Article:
WIT Grant 2015 edition

WIT is taking submissions for the Chris Werren Memorial Development Grant to be awarded to a member of WIT as a study grant. The study grant will be awarded to someone who can give back to the WIT community.

Examples of a pitch for “giving back” would be producing a new show format to give our members the opportunity to perform for the public. Ideally the grant would be an investment in a new show. All submissions will be considered, however if none meet the committee’s standards the grant will not be awarded and resubmissions will begin again next year.

Submissions are to be sent into the WIT Co-Ordinator, Hayley Webster, at coordinator@wit.org.nz. The cut-off for submissions is the 31st of March. Any submissions after this date will not be considered.

List of Basic Shortform Games and Skills

From a discussion in 2013 between some senior WIT trainers about “what skills do we expect Micetro players to pretty much have”.

Not a definitive list of course – we, as a group, regularly learn (or invent!) new shortform games, and some games fall out of favour over time, only to be rediscovered again a year or two later.

Skills:

Basic object work
Entrances and exits
How to ask the audience for a suggestion
How to ask the director for a clarification
How to be a gracious loser or humble winner
How to be directed in a scene
How to narrate and share control of a story
How to gibber
How to speak in one voice
Generating characters (physical shortcuts, accents, attitudes etc)
Endowing partners (names, occupations, relationships, status)
Monologues
Show structure, how it starts and ends
Simple songs, faking ‘em
Starting a scene with an activity
Story spine an starting in the middle
Voice – being heard, whispering loudly, being quiet

Games:

Alphabet
Chain murder
Crime endowment
Do-ron/ Speed Do Ron / Elimination Do Ron
Emotional replay
Emotional rollercoaster
Epic poem
Evil Twin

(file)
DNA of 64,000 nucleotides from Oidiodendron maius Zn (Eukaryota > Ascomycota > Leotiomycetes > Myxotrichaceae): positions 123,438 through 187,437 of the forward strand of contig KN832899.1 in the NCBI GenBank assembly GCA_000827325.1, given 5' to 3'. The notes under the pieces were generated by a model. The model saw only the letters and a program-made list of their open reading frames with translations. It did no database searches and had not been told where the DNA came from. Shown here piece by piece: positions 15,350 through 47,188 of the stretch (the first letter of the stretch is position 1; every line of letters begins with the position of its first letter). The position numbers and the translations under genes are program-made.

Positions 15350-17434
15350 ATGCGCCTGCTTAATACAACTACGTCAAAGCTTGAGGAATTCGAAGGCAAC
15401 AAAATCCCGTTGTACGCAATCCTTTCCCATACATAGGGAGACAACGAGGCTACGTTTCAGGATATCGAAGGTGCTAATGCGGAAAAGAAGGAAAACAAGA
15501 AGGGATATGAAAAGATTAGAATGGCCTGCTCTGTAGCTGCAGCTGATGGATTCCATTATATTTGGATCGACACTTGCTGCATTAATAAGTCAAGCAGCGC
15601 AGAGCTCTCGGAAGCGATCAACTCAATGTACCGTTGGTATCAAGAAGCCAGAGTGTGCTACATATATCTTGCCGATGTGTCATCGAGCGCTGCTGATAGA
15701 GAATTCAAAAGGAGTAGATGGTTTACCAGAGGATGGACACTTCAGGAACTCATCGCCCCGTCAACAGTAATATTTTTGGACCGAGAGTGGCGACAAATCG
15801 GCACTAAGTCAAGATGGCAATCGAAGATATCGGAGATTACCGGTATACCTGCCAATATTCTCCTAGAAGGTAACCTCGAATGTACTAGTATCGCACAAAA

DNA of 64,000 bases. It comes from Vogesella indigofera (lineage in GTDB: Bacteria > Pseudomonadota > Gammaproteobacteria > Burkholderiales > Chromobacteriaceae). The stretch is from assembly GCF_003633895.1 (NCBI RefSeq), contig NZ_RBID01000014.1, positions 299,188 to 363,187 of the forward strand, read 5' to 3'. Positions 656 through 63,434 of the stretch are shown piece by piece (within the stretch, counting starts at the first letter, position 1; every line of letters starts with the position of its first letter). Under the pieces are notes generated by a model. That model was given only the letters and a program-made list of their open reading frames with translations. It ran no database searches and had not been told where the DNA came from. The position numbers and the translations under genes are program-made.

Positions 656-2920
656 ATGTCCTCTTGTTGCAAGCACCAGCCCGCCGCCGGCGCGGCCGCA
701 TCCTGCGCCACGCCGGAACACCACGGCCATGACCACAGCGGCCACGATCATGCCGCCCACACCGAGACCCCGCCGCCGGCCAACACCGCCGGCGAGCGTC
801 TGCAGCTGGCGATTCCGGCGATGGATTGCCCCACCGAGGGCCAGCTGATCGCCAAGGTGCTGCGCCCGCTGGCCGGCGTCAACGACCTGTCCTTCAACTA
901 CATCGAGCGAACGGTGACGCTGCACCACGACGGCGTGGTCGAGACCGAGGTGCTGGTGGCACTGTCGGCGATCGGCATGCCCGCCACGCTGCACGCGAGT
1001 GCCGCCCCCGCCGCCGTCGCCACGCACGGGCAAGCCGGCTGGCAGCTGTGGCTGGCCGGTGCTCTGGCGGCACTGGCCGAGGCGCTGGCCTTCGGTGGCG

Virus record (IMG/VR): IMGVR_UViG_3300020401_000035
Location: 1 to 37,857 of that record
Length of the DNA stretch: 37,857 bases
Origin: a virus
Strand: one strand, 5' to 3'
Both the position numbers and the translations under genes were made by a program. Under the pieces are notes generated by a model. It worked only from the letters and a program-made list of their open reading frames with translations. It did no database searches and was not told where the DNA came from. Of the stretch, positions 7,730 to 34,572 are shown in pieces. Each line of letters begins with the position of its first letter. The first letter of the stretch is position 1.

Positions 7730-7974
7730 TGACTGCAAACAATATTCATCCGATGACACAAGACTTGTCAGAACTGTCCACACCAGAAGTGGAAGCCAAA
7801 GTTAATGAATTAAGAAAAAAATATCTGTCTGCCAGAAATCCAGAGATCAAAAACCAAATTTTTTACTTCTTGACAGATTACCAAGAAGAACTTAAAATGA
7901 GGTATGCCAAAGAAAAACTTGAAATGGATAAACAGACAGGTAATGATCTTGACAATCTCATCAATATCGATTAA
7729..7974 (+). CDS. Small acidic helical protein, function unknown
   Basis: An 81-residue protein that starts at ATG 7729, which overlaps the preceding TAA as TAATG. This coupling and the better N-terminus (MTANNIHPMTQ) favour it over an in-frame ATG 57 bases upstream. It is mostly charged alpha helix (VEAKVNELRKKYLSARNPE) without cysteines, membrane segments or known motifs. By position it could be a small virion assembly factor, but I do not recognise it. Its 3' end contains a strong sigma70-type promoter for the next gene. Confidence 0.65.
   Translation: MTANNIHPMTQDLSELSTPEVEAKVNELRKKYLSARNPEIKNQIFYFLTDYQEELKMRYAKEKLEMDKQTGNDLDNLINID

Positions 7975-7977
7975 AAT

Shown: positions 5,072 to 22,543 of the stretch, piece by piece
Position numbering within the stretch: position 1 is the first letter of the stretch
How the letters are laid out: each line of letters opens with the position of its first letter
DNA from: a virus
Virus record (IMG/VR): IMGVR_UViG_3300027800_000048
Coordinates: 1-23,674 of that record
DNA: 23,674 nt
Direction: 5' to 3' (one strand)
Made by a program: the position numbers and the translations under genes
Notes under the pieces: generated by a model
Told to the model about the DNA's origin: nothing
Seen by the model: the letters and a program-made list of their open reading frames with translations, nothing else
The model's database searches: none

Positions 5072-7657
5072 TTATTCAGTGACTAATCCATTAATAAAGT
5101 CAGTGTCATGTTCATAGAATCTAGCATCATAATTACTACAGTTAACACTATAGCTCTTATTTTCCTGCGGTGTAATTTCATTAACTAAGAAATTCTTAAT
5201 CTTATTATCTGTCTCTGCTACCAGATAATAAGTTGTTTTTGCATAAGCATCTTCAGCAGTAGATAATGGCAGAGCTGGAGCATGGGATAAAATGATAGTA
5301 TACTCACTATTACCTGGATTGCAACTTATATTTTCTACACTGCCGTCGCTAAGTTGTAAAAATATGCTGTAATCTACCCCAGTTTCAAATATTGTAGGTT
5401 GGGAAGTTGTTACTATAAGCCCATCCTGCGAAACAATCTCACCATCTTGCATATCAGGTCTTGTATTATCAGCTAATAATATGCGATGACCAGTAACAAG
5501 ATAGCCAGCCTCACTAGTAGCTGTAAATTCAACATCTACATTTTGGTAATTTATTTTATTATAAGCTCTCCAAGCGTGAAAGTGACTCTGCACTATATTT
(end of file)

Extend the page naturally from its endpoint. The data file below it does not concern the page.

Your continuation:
Experts (yes and)/ Arms Experts/ variations)
Foreign Film
Foreign Poem
Freeze Tag
Furniture
Genre songs
Gibberish opera
Gibberish switch (talking in gibberish for an interlude)
Hat Game
He Said She Said
Le Ronde (simple quick rounds)
Little voice
Machine -> Wanky Poem
Master Servant
Movie in a minute, other replay games such as Replay Fairy Tale
Narrated ballet
New Choice
Numbers of words
Oscar Winning Moment (It’s Tuesday)
Pickup lines
Popup Story book
Puppets, furniture
Quick large group games - Questions Only/. No Questions, No S etc, World’s worst
Reminiscences (Reunion, Old Folks’ home, Retired Superheroes)
Room of Death
Short scenes, especially the likes of death in a minute, ends with I love you, Who loves who the most
Silent scenes (e.g. bus stop)
Slide show
Slo Mo Commentary
Speak in one voice
Spoon River, points of view story
Song/sonnet/sermon
Status Switch
Story story die
Tag Out Story / Tag out song
Touch to talk
Typewriter/ Myth/ Narrated story
What Happens / Next Evil Voice
Word at a Time
Yes Let’s
Year book photo / Family Photo

Game – Corpse carousel

hotelEstablish characters with relationships, by checking into a hotel or a convention, and endowing each other. Five or more players.  Game shared with WIT by David Innes, of Melbourne’s Impro Box at the 2013 NZIF.

The first player comes up to an (invisible) hotel receptionist, and faces the audience.  They establish the location of the desk and where the receptionist is sitting.  Then they name themselves, why they’re at the hotel or event, before naming and endowing a subsequent arrival.  ["I'm Lady Fothersgill, here for the Taxidermy conference.  Has my assistant Snivers arrived yet? That wretched girl is always late, with more hair than wit"]. They take their room key and leave. Continue reading

Game – Everything in this room could kill you!

roomPlayers set up a shared environment and then interact with it. Any number of players.  Game devised by David Innes, of Melbourne’s Impro Box, and shared with WIT at the 2013 NZIF.

The starting point is what David calls a ‘non-room shaped room’, something other than the usual improv kitchen/lounge/bedroom, for example a barn, a glasshouse, an abandoned church, a swimming pool.

Each player in turn comes into the room and points out some specific feature: a frayed Afgan rug someone might trip on, a heavy mirror over the fireplace that could fall, a poisonous Cymbidium orchid.   Continue reading

Warmup – Bunny Bunny (Oomcha)

bunny(Slightly different versions of this have come to WIT from different countries – for example, “ticky-tacky” replaces “talky-talky” in some)

  • Everyone in a circle
  • Hands slap thighs to a chant of “oom chaa”
  • The person who ‘has the bunny’ makes curled finger bunny ears at themselves, saying “bunny bunny”
  • They then turn the ears outwards and ‘throw the bunny’ to someone else, doing the curled ears at someone, and saying “bunny bunny”
  • The recipient then ‘takes the bunny’ and repeats.
  • People either side of the bunny face them and rock side to side with their hands square from their elbows, chanting “ticky tacky ticky tacky”  [alternate version, arms are scissored to a chant of "talky talky"].
  • The oom chaas get faster.  If someone gets it horribly wrong they may run round the outside to de-stress.
  • If no one is getting it horribly wrong it’s not going fast enough.